In a healthy work environment, people want to trust and be trusted. Employers and employees want to be able to count on people to do the things they say they will do. Accountability is just that: “clear commitments that—in the eyes of others—have been kept.”
People want to count on the values that are at the core of the business—and that are at the core of the leader. Build your business on values of integrity and make sure that decisions you make and actions you take support those values—at every turn.
You want your team members to be proud of who you are, what the company stands for, and the care provided for clients/patients/consumers. Nothing is more motivational than being proud of the service and care being provided.
Billy Graham says that,
“When wealth is lost, nothing is lost,
When health is lost, something is lost.
When character is lost, all is lost.”
In addition to trust of integrity and character, a healthy work environment demands respect and honor of the employees. People cannot function well in a place where they are humiliated in front of others or where they fear that if they make a mistake, they will be fired, ridiculed, “ripped to shreds.” Certainly, if a person makes a mistake or is doing things incorrectly, that behavior or performance needs further attention, expanded instruction, and correction of whatever is not being done properly. But a fear-based management style is the least effective of any management protocol. If people live in fear, they will never stretch, grow, or be creative.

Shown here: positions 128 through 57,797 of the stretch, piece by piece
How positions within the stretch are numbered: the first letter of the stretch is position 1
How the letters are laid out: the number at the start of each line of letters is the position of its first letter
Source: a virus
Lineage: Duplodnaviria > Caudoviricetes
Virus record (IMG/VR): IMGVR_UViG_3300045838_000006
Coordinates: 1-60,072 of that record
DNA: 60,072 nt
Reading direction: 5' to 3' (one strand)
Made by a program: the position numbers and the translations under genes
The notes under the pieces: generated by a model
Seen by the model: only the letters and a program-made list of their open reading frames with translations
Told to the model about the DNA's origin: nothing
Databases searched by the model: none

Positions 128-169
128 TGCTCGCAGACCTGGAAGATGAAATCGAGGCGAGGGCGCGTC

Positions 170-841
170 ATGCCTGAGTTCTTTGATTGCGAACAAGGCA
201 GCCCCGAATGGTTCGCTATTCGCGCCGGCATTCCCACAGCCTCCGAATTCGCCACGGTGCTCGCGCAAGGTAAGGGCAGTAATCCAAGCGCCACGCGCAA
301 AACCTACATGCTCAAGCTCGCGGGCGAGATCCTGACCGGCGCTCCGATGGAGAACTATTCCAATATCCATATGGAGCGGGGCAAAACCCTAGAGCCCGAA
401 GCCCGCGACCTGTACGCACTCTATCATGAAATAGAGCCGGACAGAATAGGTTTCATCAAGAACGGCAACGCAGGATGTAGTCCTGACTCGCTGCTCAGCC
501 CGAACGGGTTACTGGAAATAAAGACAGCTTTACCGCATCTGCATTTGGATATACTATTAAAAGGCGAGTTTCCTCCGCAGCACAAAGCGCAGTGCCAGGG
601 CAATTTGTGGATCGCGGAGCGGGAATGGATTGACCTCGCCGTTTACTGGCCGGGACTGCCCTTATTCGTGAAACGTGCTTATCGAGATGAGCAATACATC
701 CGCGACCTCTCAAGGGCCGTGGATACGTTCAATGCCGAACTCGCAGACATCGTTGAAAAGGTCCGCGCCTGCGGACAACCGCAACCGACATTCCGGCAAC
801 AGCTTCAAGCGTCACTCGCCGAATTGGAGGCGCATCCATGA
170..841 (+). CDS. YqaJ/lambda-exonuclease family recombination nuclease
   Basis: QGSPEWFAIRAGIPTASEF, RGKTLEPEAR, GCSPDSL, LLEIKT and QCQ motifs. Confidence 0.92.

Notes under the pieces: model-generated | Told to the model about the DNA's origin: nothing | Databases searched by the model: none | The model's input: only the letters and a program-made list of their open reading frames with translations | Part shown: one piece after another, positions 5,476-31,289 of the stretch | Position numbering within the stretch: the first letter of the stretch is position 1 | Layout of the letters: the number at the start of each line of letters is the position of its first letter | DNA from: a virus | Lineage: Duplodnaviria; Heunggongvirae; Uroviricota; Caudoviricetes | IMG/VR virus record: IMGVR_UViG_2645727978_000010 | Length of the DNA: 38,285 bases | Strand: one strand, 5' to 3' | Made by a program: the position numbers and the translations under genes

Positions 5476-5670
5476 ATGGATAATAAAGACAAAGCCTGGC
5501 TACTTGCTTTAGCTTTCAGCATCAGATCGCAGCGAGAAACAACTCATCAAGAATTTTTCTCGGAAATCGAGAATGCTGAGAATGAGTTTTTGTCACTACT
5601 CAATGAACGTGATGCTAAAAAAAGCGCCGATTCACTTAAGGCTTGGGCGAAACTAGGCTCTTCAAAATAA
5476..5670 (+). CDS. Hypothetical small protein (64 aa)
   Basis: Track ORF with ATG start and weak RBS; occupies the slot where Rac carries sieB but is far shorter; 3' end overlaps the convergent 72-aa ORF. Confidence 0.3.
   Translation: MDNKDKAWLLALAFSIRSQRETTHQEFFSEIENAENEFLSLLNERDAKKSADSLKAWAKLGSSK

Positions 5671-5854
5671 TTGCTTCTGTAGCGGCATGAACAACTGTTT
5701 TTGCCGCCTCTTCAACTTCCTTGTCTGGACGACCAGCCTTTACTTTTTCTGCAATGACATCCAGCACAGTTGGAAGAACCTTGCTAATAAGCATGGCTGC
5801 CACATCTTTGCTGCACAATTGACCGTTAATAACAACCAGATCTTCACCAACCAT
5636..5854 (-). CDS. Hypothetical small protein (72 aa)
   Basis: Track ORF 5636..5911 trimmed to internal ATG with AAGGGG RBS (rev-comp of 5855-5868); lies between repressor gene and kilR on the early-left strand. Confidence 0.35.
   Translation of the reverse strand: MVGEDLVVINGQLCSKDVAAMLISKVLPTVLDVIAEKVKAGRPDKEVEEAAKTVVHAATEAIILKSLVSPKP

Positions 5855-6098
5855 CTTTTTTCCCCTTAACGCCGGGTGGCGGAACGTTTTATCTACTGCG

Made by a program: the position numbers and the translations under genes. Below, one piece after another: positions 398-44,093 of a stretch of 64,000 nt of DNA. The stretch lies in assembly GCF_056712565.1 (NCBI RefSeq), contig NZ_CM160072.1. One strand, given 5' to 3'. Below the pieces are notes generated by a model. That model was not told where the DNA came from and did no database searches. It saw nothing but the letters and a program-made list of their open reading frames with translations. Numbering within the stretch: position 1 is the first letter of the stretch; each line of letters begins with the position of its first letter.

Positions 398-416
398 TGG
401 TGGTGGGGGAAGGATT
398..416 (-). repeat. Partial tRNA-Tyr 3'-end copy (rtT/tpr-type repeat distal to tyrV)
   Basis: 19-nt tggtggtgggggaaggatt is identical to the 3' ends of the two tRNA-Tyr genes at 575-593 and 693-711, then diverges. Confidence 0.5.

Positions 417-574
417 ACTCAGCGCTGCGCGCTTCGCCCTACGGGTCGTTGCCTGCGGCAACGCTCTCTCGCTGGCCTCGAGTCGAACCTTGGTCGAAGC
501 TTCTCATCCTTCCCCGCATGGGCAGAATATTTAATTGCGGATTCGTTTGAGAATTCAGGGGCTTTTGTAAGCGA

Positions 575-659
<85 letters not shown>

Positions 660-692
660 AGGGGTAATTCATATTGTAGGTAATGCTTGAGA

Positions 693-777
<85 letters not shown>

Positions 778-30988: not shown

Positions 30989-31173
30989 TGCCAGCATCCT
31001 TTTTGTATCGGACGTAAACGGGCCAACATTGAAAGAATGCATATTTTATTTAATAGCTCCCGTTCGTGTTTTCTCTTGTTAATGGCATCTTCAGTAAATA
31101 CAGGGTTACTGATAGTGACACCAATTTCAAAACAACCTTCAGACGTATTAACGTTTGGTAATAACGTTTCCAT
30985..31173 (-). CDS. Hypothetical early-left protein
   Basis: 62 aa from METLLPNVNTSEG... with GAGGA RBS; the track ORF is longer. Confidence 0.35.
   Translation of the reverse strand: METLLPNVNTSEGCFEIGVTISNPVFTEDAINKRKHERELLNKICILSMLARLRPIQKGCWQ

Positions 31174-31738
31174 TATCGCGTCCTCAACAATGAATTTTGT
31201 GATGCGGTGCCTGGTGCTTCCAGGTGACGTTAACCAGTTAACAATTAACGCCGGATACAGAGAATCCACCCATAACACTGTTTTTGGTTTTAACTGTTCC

Develop a university for learning in your own organization. Give people an opportunity to learn, expand, improve their skills, and be more productive. Provide the feedback that leads people to a path of continuous improvement where they are challenged to keep getting better. Know that talented people will leave an organization if they are not challenged. And you want talented people in every position in your organization. Talent translates to energy, productivity, and outstanding performance—if it is nurtured.
Dr. Mark Hyman Team
Notice the things that people are doing. Recognize work well done—and acknowledge it. Be on the side of your employees. Be a protagonist—rather than an antagonist. Happiness in the workplace is possible. When you build people up by creating an environment of trust, you take a major step in creating a healthy work environment.